Another week of auctions in the Arizona desert is now behind us, and as one of the two most important auction events of the year—the other being Monterey in August—there are plenty of takeaways after Scottsdale 2020. From the overall condition of the market to the specific condition of individual cars, there is a lot to talk about.
Ten days of auctions saw over $244,000,000 worth of cars change hands, and although that comes in below 2019’s $251,000,000 total, volume was actually 17% higher year-over-year according to Hagerty. That was thanks to 574 more vehicles being sold, but results are best described as a mixed bag across the board. Gooding & Company oversaw the largest sale, a 1995 Ferrari F50 which hammered for $3,200,000, but this was also the first year since 2012 that no sale crossed the $5,000,000 threshold.
An average sale price of $81,534 and a sell-through rate of 77% as per Hagerty are also down from a year ago, but this by no means limited the number of either guidance-exceeding or otherwise noteworthy sales. The age-old qualifiers of provenance, originality, and condition remain the primary factors we can all rely on, and what is clearly a cooling market is also abundant with opportunities.
It wouldn’t be auction week in Scottsdale without some big winners, and they were by no means in short supply to act as a kickoff for 2020. The sell-through rate for $1,000,000+ cars was 73%, up from 43% in 2019, and the list of the top sales includes some great metal.
There was the very first C8 Corvette—VIN 001—which was met with the hammer price of $3,000,000 for charity, while on the other side of the spectrum was a 1932 Hispano-Suiza J12 Dual Cowl Phaeton which sold for $2,425,000. A 1951 Ferrari 212 Inter Cabriolet by Vignale changed hands for $1,930,000, and a 2018 Pagani Huayra Roadster went for $2,370,000.
From a 1969 Chevrolet Camaro COPO ZL1 that sold for $1,094,500 to a 2014 McLaren P1 Coupe that met a new owner to the tune of $1,160,000, there was truly something for everyone—even though the volume of $1,000,000+ dollar cars presented was 25% less than last year.
Seemingly impervious to the changing of tastes and the passing of generations are the deciding elements of provenance and condition, most importantly originality. A 1971 Lamborghini Miura P400 SV with a correct factory replacement block fetched $1,391,000 while an even rarer 1969 Miura S with long term ownership that was ready for a complete restoration failed to meet reserve at $800,000.
RM Sotheby’s also oversaw the sale of two Porsche 930 Turbo coupes with remarkably low mileage. But while the 1987 Guard’s Red over tan car with 7,591 miles realized a value of $165,200, a 1979 model year museum piece with just 34 miles since new went for $390,000—more than double.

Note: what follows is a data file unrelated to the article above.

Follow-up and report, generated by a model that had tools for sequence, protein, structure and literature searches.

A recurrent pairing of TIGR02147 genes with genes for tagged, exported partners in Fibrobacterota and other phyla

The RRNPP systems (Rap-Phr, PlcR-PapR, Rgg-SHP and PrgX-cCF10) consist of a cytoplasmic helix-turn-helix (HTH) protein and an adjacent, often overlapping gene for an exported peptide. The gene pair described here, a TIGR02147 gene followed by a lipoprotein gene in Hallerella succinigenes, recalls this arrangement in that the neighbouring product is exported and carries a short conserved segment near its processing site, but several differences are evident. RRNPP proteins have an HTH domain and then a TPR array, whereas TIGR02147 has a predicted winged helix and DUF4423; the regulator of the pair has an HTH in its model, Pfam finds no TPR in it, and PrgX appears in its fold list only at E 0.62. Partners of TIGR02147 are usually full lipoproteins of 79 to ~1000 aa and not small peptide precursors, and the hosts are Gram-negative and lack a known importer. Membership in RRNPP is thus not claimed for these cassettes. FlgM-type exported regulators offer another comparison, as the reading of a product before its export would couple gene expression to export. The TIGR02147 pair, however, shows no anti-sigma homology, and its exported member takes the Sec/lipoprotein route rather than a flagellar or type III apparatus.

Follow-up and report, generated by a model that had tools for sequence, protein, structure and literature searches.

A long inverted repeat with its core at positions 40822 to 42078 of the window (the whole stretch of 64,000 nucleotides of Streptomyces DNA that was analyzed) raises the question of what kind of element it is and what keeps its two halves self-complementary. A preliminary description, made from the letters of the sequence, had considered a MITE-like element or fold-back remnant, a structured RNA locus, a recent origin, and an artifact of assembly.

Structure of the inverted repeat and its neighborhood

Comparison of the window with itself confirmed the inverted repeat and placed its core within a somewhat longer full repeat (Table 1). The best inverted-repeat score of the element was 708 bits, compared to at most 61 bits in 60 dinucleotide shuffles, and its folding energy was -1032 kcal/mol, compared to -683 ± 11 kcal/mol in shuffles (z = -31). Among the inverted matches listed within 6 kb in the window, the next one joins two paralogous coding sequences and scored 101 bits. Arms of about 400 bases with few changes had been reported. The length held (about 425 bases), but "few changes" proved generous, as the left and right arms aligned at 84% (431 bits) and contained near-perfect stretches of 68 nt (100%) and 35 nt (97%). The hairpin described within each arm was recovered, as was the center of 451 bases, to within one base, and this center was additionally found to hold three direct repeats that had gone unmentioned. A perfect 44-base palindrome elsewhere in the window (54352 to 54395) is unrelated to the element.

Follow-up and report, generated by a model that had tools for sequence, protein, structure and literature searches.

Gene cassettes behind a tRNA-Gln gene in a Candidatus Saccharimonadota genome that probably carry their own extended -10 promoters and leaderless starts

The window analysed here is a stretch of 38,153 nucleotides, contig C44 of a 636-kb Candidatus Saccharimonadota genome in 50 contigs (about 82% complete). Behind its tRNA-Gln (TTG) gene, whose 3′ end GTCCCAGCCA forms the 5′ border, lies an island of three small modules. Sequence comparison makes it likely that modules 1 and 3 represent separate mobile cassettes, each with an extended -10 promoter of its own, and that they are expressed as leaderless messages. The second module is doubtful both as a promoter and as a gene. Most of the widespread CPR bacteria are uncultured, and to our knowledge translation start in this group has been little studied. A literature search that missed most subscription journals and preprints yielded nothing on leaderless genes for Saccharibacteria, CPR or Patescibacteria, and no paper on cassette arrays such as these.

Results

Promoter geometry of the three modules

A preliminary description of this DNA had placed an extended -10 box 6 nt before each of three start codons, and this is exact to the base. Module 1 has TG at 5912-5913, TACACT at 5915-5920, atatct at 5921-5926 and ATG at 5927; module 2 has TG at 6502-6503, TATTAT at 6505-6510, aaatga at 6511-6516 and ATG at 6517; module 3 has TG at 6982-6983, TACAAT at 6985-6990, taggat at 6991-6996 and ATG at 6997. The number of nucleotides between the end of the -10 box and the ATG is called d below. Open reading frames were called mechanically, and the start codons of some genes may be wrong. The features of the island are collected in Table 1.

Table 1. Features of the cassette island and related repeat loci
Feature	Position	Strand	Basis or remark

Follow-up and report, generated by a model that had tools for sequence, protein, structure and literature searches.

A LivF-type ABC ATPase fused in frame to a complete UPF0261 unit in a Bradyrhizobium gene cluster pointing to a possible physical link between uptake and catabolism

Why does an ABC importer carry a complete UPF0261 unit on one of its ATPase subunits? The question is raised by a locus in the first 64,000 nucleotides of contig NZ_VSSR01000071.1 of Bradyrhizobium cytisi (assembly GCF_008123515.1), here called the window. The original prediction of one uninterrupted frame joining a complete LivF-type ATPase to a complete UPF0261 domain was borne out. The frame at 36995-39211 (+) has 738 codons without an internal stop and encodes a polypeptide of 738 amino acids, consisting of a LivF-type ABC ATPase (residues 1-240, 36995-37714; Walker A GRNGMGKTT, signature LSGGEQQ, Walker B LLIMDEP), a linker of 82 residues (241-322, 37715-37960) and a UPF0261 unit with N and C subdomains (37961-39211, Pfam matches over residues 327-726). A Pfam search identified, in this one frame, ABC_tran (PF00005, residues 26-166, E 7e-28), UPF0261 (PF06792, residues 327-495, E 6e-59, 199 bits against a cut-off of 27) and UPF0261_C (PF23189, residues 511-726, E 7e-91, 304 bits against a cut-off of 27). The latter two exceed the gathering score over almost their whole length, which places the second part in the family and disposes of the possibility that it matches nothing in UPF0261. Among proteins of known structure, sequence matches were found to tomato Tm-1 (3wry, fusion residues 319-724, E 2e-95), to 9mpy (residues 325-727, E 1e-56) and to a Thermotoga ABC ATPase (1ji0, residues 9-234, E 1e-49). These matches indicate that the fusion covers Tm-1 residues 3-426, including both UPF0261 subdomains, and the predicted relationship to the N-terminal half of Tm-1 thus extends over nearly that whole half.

Lee Iacocca has passed on, but his influence in the car world will forever be felt. Two cars previously owned by the American automotive executive that couldn’t be more different were sold by Bonhams; 1992 Dodge Viper RT/10—which was also the first one made—for $285,500, and a 1986 Chrysler LaBaron Town & Country Convertible for $19,040.
The Enthusiast Market
Beyond the headline-grabbing sales and those which will act as new data points, there are also those which drive the market; the type of cars that might actually be attainable to the throngs of people paying admission to catch a glimpse of a multi-million-dollar Ferrari.
On this end of the spectrum we find those like a 5-speed manual 1978 Porsche 928 with a Pasha interior and less than 21,000 original miles which sold for $75,040, and a 1987 Mercedes-Benz 560 SEC with 23,000 miles that changed hands for $36,960.
We would be remiss if we didn’t mention the burgeoning truck, off-road, and camping side of things as well. Trucks and SUVs outperformed guidance and Hagerty’s own price guide, thanks to examples like a 1989 Jeep Grand Wagoneer with 8,000 miles that sold for a breathtaking $110,000. Vintage trailers are also drawing interest, with a 1953 Spartan Spartanette Tandem trailer finished in polished aluminum which sold for $127,500 acting as a perfect example.
While notable signs of a soft market simply can’t be ignored, like the headlining 1958 Ferrari 250 GT Cabriolet Series I not meeting reserve when it hammered for $5,500,000, other parts of the market remain strong or are even continuing to grow. Nonetheless, one can’t help but wonder about the future of live auctions which demand massive overhead expenditure on the part of the overseeing house, in addition to high fees from those who wish to buy and sell.
While the premium auction houses like RM Sotheby’s, Bonhams, and Gooding & Co. were all down in a year with increased volume, those who bring an entire show and experience, specifically Barrett-Jackson, maintained a strong growth trend. With an average sale price of roughly third of that of the premium players, Barrett-Jackson’s fast-paced, no-reserve model sees more volume than anyone else, while still achieving record-braking individual sales numbers for the best and most interesting cars.
It’s as good a time as any to be a car enthusiast. The kind of metal the most well-heeled bidders tend to lust after continues to demand strong money, while the cars the rest of us dream of putting in the garage are more popular than ever. The upper end of the market has the potential the drag the rest down with it, but as always, it remains imperative to be sure of your desires and to excercise due diligence.
Photos courtesy BidGarage.
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